Olympic Drug Cheats Face Clamp Down on Performance Boost
Elite Olympic athletes looking for an edge, to say nothing of professional sports figures, have long had their eye on experimental performance enhancing drugs that are still in the development stage.
Such drugs are especially sought after by some athletes because no tests exist to detect them. Now companies led by GlaxoSmithKline Plc (GSK) and Amgen Inc. (AMGN) are working with the World Anti-Doping Agency, better known as WADA, to take steps to force athletes who may be thinking about cheating to reconsider.
“It’s hard enough to develop and discover a new drug and make sure it’s safe and efficacious enough without having to worry it’s being abused,” said Steve Clarke, who runs human trials for an experimental anti-anemia drug from London-based Glaxo. “They’re cheats, but they’re still human, so there’s concern about them taking something that’s not safe.”
In a July report to drugmakers, WADA said it feared that treatments in clinical trials, which can take 10 years from discovery to approval, could be diverted from the patients who need them to athletes seeking a competitive advantage.
Athletes intent on obtaining as yet unreleased new drugs have ways to get them. An experimental drug may have multiple trials going on simultaneously with hundreds or thousands of patients. An unscrupulous athlete or doctor could divert some of the medicine from trial patients, said Andrew Emmett, managing director of science and regulatory affairs at the Biotechnology Industry Organization in Washington, or BIO.
Endurance athletes looking for a boost tend to seek anti- anemia medicines because they enhance the body’s ability to create oxygen-carrying blood cells. Along with anabolic steroids and human-growth hormones, they’re some of the most common drugs used by dopers.
In June, the U.S. Anti-Doping Agency charged Cyclist Lance Armstrong and his teammates on the U.S. Postal Team with taking anemia drugs to win races, including the Tour de France. Armstrong denied the charges saying they were “baseless” and “motivated by spite,” adding that tests on him never found evidence of such a drug. Since 2008, athletes from competitive cyclists to Olympic runners have tested positive for the drugs.
Epogen from Thousand Oaks, California-based Amgen was one of the first compounds to stimulate red blood-cell production in anemia patients using erythropoietin, a hormone released normally in response to decreased levels of oxygen in body tissues. Used properly, the injection is meant to treat highly anemic patients suffering from late-stage kidney failure. It has since been joined by other drugs in the same family of compounds, like Aranesp, also made by Amgen, and Roche (ROG) Holding AG’s Mircera.
In healthy athletes, the drugs can boost their blood’s oxygen-carrying abilities beyond normal levels, helping them cycle up mountains, run faster and swim longer than competitors. Glaxo’s experimental drug would have a similar effect, could be cheaper to manufacture, and as a pill rather than an injection, wouldn’t be as difficult to take.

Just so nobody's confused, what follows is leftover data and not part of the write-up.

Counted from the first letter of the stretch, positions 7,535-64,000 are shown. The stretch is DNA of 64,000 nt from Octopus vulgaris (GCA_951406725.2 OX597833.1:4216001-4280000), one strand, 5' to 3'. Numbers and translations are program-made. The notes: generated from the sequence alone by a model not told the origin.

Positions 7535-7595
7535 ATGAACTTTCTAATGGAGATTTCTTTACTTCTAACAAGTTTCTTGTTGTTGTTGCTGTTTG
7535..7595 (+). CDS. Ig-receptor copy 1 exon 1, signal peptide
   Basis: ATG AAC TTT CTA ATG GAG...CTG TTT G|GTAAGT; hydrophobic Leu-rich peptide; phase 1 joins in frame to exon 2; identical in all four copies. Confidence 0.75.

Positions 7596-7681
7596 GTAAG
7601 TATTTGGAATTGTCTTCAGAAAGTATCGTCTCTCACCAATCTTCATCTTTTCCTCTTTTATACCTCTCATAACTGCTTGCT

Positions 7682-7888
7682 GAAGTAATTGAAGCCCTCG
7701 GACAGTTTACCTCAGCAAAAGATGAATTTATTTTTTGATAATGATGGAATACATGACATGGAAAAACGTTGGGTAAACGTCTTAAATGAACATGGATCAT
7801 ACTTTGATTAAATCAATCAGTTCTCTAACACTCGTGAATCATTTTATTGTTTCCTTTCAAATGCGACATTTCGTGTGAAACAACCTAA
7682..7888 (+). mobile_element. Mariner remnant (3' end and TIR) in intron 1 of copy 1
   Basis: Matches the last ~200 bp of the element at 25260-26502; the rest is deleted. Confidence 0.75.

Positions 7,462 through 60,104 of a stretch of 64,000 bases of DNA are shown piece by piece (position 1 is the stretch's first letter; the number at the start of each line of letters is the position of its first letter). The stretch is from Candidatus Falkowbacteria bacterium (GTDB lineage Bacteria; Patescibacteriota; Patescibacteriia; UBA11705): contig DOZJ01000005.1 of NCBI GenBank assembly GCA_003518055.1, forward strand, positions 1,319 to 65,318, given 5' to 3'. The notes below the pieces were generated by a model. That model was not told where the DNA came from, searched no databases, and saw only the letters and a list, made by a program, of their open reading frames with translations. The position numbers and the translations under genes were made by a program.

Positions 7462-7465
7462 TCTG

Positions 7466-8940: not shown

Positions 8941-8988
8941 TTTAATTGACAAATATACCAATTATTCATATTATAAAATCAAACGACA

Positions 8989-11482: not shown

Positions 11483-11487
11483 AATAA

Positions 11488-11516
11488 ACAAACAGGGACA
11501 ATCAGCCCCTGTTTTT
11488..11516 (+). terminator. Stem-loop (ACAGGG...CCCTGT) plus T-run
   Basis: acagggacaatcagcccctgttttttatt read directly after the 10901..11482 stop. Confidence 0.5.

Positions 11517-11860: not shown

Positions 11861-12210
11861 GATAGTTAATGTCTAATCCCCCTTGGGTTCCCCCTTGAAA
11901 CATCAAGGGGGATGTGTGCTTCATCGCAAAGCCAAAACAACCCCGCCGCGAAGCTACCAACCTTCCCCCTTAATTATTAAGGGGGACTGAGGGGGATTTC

That’s why the company flagged the drug to WADA and is helping on test development, said Clarke, who wouldn’t name the compound or say whether accurate screening had been identified. WADA keeps such things confidential, he said.
“What we’d hope is that by publicizing the relationship with WADA, it will act as a deterrent, that people won’t use GSK’s drugs in this way,” Clarke said.
Guidelines announced July 23 by WADA, BIO, and the International Federation of Pharmaceutical Manufacturers & Associations set up the first formal process allowing drugmakers to work closely with the anti-doping authorities.
BIO’s Emmett said the companies have agreed to look in their pipelines for any drug that may help build muscle or extend endurance, paying special attention to compounds that have similar chemical structures or mechanisms of action to those already known to be used in sports doping.
When they find them, the drugmakers will alert anti-doping authorities, who will decide whether the compounds should be banned and whether tests for their presence in blood should be quickly developed.
“Most of the tests are typical ones you’d be doing during drug development, regardless,” Emmett said by telephone. “It isn’t intended to be an added burden on the drug development process. The earlier we can prepare, the better chances we have to make sure these products don’t get into the hands of athletes who shouldn’t be using them.”
Roche has already done that with its drug Mircera, also used against anemia, according to the world doping organization. In 2008, while competing in the Tour De France, Italian cyclist Riccardo Ricco was accused of having the drug in his system, after a test Roche helped develop recorded a positive result.
Glaxo’s Clarke also is an amateur cyclist, and as a fan of the sport’s professional ranks hopes to help keep them clean. In his spare time, he’s pedaled up some of the same French mountain passes used by athletes in the Tour, cycling’s most prestigious race.
“You lug your slack, sorry, body over these hills at a pitifully slow pace, and then you watch as these guys just fly up the hills,” he said. “If any sports fan thinks they’re doing that just by cheating, it takes away from the magic.”
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